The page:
The purchase of a house is often the single greatest financial investment made by a person or a couple. A mistake at this time can undo a lifetime of effort. The following outline merely gives the buyer or seller some idea of the problems. The complexities and technicalities involved require the service of an attorney who represents you.
Purchase and Sale Agreement
You should engage your attorney before you sign the binder, because it is a binding contract between the buyer and seller and defines the rights and duties of the parties. Those rights and duties may be altered or further defined in the purchase and sale agreement. Preferably, you should consult with an attorney as soon as you know you are going to buy a house or put your house up for sale (before you call in a real estate broker). A buyer should have his or her own attorney even though the buyer will also pay for the bank attorney, because the bank attorney does not get involved until the end of the transaction. Many matters, which buyers and sellers do not recognize as problems, may jeopardize not only their peace of mind, but their pocketbooks as well.
There is no “standard form” of binder or purchase and sale agreement that can be used in all transactions. There are in fact dozens of so-called standard forms and each one contains phrases which may be disadvantageous to one or the other party. Among the issues that will be negotiated as part of preparing the purchase and sale agreement are the following:
- buyer’s loss of deposit if the buyer cannot obtain a mortgage;
- seller’s guarantee to pay the broker’s commission even though the buyer defaults and there is no sale;
- buyer’s obligation to purchase the house even if it is totally destroyed;
- seller’s obligation to pay “his or her share of points, mortgage origination of discount fee,” which may amount to hundreds of dollars;
- seller’s obligation to vacate the house completely prior to passing papers;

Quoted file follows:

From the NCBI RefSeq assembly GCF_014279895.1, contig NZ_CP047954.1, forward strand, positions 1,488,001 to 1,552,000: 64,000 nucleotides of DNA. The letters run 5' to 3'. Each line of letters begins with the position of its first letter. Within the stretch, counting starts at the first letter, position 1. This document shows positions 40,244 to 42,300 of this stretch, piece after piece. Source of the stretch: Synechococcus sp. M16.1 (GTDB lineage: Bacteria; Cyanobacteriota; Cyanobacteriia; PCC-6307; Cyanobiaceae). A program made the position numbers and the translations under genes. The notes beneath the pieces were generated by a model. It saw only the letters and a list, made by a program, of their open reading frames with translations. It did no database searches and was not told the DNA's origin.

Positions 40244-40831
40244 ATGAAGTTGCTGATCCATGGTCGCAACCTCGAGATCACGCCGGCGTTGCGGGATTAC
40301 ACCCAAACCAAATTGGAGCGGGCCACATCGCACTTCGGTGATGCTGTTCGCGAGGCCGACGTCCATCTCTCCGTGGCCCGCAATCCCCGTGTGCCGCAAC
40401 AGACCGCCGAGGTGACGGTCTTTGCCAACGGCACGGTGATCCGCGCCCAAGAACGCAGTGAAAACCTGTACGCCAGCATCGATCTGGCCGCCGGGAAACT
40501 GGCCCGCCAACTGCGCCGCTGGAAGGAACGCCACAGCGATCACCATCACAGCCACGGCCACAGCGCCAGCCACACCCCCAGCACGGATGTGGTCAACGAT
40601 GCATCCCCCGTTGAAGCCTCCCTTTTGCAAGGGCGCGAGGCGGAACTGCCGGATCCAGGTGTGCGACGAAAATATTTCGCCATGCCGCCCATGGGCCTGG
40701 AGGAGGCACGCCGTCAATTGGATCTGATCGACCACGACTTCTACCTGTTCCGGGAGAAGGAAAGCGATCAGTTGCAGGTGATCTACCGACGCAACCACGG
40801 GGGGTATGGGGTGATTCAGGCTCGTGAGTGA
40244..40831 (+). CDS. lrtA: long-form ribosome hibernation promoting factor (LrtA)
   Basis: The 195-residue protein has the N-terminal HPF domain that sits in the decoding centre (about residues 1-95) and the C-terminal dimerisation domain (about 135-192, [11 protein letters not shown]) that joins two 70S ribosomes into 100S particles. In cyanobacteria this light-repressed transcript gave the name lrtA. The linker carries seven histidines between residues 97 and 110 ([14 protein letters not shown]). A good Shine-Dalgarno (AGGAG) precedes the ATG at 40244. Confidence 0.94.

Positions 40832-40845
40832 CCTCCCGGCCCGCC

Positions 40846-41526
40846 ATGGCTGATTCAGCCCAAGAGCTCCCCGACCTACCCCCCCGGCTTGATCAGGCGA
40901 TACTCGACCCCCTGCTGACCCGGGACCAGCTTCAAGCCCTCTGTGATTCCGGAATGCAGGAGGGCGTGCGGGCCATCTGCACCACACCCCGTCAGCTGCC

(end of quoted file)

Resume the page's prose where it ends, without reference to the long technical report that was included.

- seller’s right to sue buyer for damages if buyer defaults (in addition to retaining the deposit);
- buyer’s right to have various inspections done at the premises, including a home inspection, pest inspection, lead paint and water, UFFT, radon and Title 5 issues.
Obviously, some of these provisions are necessary in certain situations. The only way you can be fully protected is to have your attorney examine any purchase and sale agreement or binder, or any other instrument, before you sign it.
It is extremely difficult, sometimes impossible, for a lawyer to protect his/her client when the client has already bargained away his/her protection in a poorly drawn or disadvantageous agreement.
Role of Attorney
Legal counsel are indispensable to an orderly real estate sale. Depending on what representation the usual parties (seller, buyer, banks) choose and how they elect to share the responsibilities, the lawyer’s functions are critical.
Following is a capsule summary of each lawyer’s role in a traditional sale.
Attorney for Seller:
- confer with client;
- review or prepare purchase and sale agreement and negotiate about its terms, including who should hold the deposit;
- prepare deed and power of attorney, if necessary;
- deal with title issues raised by the bank attorney;
- attend closing and review papers which seller is required to sign;
- escrows and special arrangements to correct title, complete construction or assure possession;
- transfer of security deposits and notices to tenants;
- obtain account numbers/phone numbers for existing lien holders;
- arrange for 6d Certificates/Insurance Certificates/Release of Right of First Refusal (if any), if condo.
Attorney for Buyer:
- conference with client, including issues such as how to take title, information on type of property to be purchased (i.e., single family, multi-family) and financing issues;
- review offer to purchase;
- review or prepare purchase and sale agreement and negotiate its terms, including who should hold the deposit;
- advise concerning financing and tailoring of purchase and sale terms to lender’s requirements;
- review the various inspections noted above;
- review title examination with bank’s attorney;
- attend closing and review papers which buyer is required to sign;